“The NSW government wants music festivals to thrive but serious drug-related illnesses and deaths have demonstrated that we need to help make a small number of them safer,” Toole said.

Another spokesperson for the NSW Government said in a statement:

“Festivals required to operate under the new licensing regime will be festivals where a serious drug-related illness or death has occurred in the past three years or where the Independent Liquor & Gaming Authority has determined, having regard to expert advice from NSW Health and NSW Police, that there may be a significant risk of serious drug-related illness or death.”

The State Government claims this approach will be effective for reducing drug overdoses at music festivals, even though there have been renewed calls for pill testing in Australia.

“Pill testing could help warn others about dangerous batches of pills at Australian music festivals and deter drug suppliers from selling “contaminated drugs.” Dr Alex Wodak, president of the Australian Drug Law Reform Foundation, told SBS last month.

As far as current Australian festival organisers are concerned, Byron Bay’s iconic Bluesfest are threatening to move their event interstate, Mountain Sounds has been cancelled and the end of Laneway Festival in Sydney is “a possibility”.

“We require consultation as an industry so you can … explain to us how people are coming up with decisions that impact our livelihoods.” Laneway promoter Danny Rogers told ABC News today.

LPA has warned that NSW will be wiped off the map for future live music tours and festivals under heavy-handed new licensing plans being proposed by the NSW Government.

“The NSW Government needs to stop this now and properly consult with the industry.” stated LPA Chief Executive, Evelyn Richardson.

“We all have a vital interest in the safety and well-being of people who attend festivals, and the best outcomes will be achieved through proper consultation and cooperation with our festival operators, not the blunt instrument of poorly designed and heavy-handed regulation.”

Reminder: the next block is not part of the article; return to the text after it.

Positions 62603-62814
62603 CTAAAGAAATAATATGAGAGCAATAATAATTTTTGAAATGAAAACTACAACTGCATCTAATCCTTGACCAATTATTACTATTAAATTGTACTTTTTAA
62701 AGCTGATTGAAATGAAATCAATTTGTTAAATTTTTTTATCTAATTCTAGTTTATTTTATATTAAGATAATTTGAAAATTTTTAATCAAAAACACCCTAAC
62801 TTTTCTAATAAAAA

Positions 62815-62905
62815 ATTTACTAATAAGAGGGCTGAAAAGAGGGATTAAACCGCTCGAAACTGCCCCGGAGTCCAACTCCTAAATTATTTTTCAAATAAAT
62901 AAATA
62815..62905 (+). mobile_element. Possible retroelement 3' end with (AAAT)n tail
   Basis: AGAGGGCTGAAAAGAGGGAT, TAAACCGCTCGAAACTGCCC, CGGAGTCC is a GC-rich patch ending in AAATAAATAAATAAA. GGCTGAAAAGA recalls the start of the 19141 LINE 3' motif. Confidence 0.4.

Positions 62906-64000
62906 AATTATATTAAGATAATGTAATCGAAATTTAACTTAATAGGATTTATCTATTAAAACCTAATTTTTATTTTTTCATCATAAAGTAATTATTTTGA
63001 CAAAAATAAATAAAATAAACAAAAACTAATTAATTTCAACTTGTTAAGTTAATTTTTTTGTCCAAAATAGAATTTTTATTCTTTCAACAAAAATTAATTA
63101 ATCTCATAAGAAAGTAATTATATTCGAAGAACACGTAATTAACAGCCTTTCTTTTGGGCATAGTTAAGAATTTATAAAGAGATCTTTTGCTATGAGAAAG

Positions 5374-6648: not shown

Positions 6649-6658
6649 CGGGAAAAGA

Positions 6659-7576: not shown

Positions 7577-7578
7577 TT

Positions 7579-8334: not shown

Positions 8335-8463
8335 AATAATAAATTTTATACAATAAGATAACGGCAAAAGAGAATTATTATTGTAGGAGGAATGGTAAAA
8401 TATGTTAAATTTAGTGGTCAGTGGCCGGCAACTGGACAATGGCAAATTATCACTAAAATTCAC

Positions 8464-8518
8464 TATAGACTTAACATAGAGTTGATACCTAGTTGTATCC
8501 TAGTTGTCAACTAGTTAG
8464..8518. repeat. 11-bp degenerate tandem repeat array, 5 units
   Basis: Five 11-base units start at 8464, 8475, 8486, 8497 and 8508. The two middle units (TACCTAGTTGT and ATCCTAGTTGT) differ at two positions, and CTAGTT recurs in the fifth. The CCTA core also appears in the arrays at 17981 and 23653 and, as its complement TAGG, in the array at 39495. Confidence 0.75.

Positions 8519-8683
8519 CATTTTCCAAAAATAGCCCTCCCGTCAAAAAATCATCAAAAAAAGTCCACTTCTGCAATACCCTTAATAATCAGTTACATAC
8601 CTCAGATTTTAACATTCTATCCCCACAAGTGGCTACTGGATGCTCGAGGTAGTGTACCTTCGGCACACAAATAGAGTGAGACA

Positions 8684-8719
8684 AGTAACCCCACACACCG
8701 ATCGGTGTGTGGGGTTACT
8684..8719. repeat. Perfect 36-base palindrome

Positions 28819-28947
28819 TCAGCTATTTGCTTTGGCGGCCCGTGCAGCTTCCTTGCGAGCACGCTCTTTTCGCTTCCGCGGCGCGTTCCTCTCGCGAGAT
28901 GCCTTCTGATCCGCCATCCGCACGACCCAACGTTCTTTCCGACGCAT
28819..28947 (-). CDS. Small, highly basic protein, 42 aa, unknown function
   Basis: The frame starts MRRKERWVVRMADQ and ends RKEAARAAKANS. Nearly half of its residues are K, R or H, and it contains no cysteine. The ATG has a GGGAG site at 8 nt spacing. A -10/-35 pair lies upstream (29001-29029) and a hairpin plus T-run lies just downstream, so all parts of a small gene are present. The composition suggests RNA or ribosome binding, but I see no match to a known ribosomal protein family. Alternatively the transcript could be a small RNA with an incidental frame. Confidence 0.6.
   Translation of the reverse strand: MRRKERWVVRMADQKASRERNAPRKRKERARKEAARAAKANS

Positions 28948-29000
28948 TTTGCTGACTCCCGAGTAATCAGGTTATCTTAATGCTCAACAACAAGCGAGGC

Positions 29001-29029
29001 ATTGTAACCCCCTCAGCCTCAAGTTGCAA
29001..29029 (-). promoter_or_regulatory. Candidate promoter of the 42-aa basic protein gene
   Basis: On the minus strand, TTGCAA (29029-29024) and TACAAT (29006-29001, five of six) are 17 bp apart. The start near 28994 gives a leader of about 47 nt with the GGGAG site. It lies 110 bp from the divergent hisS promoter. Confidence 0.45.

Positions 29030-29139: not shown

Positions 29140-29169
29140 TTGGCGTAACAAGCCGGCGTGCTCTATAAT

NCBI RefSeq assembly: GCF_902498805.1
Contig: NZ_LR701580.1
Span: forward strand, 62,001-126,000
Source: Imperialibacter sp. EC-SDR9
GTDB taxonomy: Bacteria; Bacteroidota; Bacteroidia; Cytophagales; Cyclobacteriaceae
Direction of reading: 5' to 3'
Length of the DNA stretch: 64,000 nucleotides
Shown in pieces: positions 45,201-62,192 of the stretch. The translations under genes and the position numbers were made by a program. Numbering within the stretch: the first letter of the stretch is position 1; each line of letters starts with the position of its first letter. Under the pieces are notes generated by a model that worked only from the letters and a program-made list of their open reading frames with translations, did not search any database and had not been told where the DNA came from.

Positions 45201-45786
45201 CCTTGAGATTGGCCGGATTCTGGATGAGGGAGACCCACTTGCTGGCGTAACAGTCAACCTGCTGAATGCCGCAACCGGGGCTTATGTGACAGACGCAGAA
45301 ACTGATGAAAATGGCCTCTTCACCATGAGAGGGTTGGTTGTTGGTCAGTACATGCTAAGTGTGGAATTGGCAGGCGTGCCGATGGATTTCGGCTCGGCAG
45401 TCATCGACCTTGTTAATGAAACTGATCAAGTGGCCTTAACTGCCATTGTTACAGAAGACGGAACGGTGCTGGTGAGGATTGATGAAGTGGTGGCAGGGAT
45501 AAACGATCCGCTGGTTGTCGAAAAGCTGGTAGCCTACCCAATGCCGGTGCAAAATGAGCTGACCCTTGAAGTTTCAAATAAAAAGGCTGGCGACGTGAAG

NSW is the largest market nationally for contemporary music and music festivals in Australia, generating $325m in revenue for the NSW economy with 6 million attendees each year, according to 2017 figures from Live Performance Australia.

What happens now?

Ahead of the NSW Election on 23 March, MusicNSW has announced a #VoteMusic campaign, calling on the music community to get organised and start putting pressure on all political parties to make significant commitments to music in NSW. We recommend reading their 2019 state election report card which details the various political parties and their commitments to investing in music in NSW.

Also in the run-up to the election, the Keep Sydney Open Party has unveiled its lead candidates and manifesto.

The Don’t Kill Live Music organisers are calling for more signatures on their petition, which to date has 124,897 signatures.

The Anti-Colonial Asian Alliance (AAA), a grassroots activist group that works in solidarity with First Nations Peoples, have urged the music industry to ‘set the bar higher’ after joining attendees at the Don’t Kill Live Music Rally last Thursday, holding banners that read “Whose Land are You Partying On?” and “Always Was, Always Will be Aboriginal Land.”  In an official statement, the group said this action was not intended as a counter-protest but instead as an act of solidarity and awareness-raising, particularly around issues affecting First Nations people in NSW. You can read their full press release here or contact them for more information.

We’ll also keep you up to date on any progress made, so watch this space.